This proposal requests continued funding for the Cellular and Molecular Basis of Disease (CMBD) Training Program at Northwestern University. The CMBD program supports comprehensive pre-doctoral graduate training in the life sciences, focusing on the cellular, molecular and biochemical mechanisms used in biological systems and targeted in diseases impacting human health. The CMBD program has provided intradepartmental and interdisciplinary training opportunities for Northwestern life science graduate students for the past 30 years, and has been a centerpiece for cross campus interactions at Northwestern. CMBD trainees are selected primarily from two integrated interdepartmental programs: the Interdepartmental Biological Sciences Graduate Program (IBiS) on the Evanston campus and the Driskill Graduate Training Program in the Life Sciences (DGP) on the Chicago Medical School campus. Students are appointed in the spring quarter of their second year, after they have completed their core coursework and joined their dissertation research laboratories, and they are typically supported for two or three years. As a University-wide training program with 18 trainee positions and a broad spectrum of faculty, CMBD has taken a leadership role in fostering communication and collaboration between researchers on the two campuses, and many collaborative interactions have arisen directly from the monthly student- oriented CMBD Research in Progress meetings. CMBD also facilitates student interactions with scientists at other institutions, both by providing the opportunity for CMBD trainees to present their research at national meetings and conferences, and by bringing outstanding research scientists to Northwestern, through the CMBD seminar and symposia programs. CMBD provides for training of students in the ethical conduct of research, and offers trainees the opportunity to participate in several outstanding career development forums at Northwestern University, most prominently the """"""""Bio- Opportunities"""""""" program. Graduates of the CMBD program have continued as successful and productive scientists at many other institutions and in diverse careers, contributing in important ways to cell and molecular biology research on a national level.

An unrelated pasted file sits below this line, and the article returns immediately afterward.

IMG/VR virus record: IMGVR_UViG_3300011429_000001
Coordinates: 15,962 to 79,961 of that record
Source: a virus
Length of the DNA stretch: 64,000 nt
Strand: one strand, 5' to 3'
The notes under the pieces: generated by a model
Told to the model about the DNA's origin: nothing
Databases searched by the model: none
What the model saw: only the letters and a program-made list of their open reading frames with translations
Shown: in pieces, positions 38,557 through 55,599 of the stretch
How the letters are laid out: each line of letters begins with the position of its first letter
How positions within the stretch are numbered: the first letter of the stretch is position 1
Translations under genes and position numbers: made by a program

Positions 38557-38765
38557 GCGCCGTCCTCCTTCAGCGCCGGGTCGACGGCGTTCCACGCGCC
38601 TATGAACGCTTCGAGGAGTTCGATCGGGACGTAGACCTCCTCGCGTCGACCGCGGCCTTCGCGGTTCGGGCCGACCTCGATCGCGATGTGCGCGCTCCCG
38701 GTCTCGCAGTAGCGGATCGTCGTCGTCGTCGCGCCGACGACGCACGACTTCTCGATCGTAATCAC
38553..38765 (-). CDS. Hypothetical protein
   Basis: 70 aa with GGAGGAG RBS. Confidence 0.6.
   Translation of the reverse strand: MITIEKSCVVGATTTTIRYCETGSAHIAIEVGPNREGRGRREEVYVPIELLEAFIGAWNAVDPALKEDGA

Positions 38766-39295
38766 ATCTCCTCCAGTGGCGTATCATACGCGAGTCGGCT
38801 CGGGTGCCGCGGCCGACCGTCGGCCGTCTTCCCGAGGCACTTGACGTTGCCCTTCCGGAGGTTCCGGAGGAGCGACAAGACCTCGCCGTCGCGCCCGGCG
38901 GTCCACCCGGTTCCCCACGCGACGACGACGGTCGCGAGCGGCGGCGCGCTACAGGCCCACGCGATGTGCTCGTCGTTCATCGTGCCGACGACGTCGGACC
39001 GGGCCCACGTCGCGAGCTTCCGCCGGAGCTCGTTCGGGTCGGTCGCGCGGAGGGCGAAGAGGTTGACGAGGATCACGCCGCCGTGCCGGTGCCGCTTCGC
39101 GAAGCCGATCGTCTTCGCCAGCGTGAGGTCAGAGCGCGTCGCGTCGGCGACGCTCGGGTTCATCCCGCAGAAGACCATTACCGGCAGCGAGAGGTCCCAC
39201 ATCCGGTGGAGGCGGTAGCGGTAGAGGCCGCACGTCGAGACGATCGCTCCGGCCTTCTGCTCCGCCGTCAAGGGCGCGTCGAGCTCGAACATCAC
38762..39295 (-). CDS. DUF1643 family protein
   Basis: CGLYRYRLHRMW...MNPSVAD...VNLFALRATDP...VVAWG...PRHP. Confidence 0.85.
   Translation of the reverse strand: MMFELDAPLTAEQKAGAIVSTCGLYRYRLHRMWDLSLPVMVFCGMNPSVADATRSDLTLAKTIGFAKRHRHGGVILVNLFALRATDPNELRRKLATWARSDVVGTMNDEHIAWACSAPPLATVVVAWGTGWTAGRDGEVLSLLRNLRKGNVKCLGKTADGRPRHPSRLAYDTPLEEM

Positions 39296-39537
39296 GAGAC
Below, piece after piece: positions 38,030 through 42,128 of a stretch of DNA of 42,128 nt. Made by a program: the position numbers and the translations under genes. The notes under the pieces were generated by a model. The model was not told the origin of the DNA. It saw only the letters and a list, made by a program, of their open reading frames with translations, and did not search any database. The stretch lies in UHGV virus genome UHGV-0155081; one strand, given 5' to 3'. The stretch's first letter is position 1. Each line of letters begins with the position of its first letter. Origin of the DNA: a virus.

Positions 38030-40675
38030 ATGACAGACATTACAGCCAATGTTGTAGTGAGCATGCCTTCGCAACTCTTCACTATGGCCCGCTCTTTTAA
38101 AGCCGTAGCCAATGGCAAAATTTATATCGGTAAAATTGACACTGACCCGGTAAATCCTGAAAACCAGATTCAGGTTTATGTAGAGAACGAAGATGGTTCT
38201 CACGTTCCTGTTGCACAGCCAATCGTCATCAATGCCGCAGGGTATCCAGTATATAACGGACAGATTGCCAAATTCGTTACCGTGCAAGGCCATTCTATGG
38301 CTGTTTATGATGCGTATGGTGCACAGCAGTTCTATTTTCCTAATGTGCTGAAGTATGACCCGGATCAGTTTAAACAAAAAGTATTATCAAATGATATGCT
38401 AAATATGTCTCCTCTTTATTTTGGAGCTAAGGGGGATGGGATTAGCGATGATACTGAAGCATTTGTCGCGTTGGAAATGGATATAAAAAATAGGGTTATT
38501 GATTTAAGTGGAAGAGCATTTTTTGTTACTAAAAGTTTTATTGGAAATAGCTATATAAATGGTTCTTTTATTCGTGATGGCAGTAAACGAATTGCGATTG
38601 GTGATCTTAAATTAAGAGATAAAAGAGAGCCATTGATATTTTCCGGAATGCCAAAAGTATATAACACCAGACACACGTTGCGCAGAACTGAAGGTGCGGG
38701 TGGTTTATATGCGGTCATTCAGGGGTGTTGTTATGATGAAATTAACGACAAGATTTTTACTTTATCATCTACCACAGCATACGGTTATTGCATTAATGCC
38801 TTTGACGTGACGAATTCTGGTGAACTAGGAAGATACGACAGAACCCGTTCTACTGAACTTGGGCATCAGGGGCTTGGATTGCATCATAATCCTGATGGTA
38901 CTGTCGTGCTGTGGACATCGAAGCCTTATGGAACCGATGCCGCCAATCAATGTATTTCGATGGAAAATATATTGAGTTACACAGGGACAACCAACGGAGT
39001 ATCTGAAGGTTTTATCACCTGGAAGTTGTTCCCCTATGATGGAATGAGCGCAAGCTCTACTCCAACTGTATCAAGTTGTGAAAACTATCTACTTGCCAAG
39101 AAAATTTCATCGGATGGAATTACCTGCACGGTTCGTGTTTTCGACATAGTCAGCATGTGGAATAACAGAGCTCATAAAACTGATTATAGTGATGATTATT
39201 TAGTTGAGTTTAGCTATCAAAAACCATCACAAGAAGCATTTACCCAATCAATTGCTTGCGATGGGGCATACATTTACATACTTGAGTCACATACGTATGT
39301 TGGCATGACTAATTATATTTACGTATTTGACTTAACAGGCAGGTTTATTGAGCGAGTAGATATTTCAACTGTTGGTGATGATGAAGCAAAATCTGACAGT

The CMBD training program brings together a community of trainees and mentors whose expertise spans the range from basic to translational research. By fostering communication among these researchers, participants develop a deeper appreciation of how different areas of study relate to one another and how to apply the principles from different disciplines to better integrate biomedical research.
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